The Intersection of Nature and Technology
Studio Drift was founded by the two dutch artists Lonneke Gordijn and Ralph Nauta in 2007. The studio looks at magnifying nature and it’s phenomena through the use of technology and visuals. The aim is to learn more about our Earth and re-establish our connection with it. The idea of unity is found by bringing people together with one another, and people together with nature. By using innovative technology their pieces are interactive and of added interest due to movement and light. Each of their artworks have the ability to adapt to either the space or occasion they are intended for, such as a particular gallery or public area.
The Fragile Futures lighting sculpture depicts a vision of the future of our planet, where opposites work together to survive. It also showcases that light is at the centre of life. The piece is comprised of a three-dimensional bronze electrical circuit that connects lit dandelions. The real dandelion seeds are each hand picked and secured individually to an LED light. The process of making this piece adds to the story as the slow ritualistic procedure represents the fragility of nature, and the move away from mass manufacturing and consumption. As the rapid advances in our technology mean that we throw items away on a regular basis.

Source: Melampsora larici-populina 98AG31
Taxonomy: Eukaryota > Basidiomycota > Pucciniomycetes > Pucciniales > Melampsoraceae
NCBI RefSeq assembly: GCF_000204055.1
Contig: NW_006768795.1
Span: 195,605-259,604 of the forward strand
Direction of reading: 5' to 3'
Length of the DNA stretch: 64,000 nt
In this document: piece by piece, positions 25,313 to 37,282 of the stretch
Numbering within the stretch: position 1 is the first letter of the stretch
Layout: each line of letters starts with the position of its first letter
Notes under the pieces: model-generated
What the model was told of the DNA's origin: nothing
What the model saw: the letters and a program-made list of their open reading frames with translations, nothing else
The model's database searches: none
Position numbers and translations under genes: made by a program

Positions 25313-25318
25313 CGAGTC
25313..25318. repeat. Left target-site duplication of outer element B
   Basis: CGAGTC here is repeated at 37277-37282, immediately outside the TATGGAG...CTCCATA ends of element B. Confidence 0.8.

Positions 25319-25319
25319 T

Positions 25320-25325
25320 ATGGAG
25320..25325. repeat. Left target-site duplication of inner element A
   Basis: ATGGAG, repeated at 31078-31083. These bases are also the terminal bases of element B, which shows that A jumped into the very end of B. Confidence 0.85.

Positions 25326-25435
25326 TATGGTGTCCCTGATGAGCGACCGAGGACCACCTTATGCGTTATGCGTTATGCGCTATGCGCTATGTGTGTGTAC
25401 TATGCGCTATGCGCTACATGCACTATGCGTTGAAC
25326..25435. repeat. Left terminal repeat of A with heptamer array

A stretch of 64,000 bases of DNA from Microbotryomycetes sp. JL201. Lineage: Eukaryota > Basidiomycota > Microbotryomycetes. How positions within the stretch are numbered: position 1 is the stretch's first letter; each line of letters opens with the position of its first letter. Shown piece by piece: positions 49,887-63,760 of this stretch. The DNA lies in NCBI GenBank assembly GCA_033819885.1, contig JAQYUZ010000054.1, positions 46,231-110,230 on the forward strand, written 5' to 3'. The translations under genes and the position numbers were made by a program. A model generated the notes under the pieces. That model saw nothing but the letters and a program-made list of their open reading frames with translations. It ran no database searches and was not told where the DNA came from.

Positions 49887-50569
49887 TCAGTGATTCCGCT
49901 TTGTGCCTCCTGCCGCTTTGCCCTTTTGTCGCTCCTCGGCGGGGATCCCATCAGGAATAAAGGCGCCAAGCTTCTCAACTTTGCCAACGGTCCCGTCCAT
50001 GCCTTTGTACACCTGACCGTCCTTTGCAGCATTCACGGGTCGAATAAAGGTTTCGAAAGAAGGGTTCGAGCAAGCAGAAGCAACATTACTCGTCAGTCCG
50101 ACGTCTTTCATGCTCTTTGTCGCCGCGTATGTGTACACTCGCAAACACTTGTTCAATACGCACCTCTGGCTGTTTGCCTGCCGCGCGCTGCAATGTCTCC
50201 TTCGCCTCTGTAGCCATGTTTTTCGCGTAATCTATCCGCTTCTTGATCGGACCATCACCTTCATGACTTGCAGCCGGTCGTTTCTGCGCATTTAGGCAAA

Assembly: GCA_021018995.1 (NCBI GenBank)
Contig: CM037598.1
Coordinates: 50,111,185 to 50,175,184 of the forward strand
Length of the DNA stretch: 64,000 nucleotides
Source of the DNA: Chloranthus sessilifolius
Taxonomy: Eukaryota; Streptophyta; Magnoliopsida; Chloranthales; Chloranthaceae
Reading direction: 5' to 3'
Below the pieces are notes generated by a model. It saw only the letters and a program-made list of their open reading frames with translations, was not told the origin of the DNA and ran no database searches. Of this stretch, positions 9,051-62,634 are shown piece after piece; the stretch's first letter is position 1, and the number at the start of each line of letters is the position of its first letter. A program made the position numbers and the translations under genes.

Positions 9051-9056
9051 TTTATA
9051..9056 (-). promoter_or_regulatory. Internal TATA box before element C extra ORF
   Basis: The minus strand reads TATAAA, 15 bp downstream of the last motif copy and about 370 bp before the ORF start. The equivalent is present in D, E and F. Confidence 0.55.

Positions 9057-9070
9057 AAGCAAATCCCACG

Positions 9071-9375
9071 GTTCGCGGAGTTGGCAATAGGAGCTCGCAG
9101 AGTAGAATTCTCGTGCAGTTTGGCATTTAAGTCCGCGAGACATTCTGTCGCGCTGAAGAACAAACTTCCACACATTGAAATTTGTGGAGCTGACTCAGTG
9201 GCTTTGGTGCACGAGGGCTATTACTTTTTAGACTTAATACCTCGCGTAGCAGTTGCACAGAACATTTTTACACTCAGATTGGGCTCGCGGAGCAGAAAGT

Flylight is a light installation that interacts with its surroundings, mimicking a flock of birds. By analysing the behaviour of a flock in flight the piece symbolises “the conflict between humans, the safety of the group and the freedom of the individual.”
We know flight as a representation of freedom, but instead flocks of birds actually move as a single entity. This self organisation creates beautiful patterns which are known as a natural phenomenon. This movement was translated by an agent-based software which was developed specifically for Flylight. The structure is comprised of handmade glass tubes that each light up depending on external stimuli but together move in a unison pattern.
In 20 Steps
In 20 Steps is a kinetic installation which explores the human desire to fly. The large piece is constructed with 20 delicate glass ‘wings’ that depict the steps of flying, almost like a stop motion video. The glass represents the fragility of nature itself, and it also helps yet again highlight the importance of light as it is reflected during the movement. The studio’s interest in flight comes from the idea that no matter the advancements in technology and synthetic biology humans will likely never be able to naturally fly unaided.
This piece was used for Iris Van Herpen’s fashion show in 2018, entitled “Syntopia”, where the theme revolved around bird’s flight and sound waves. As the models walked down the runway the glass tubes seemed to expel away from them. This rippling effect followed them down and back up the runway, making them seem almost in sync.
Iris Van Herpen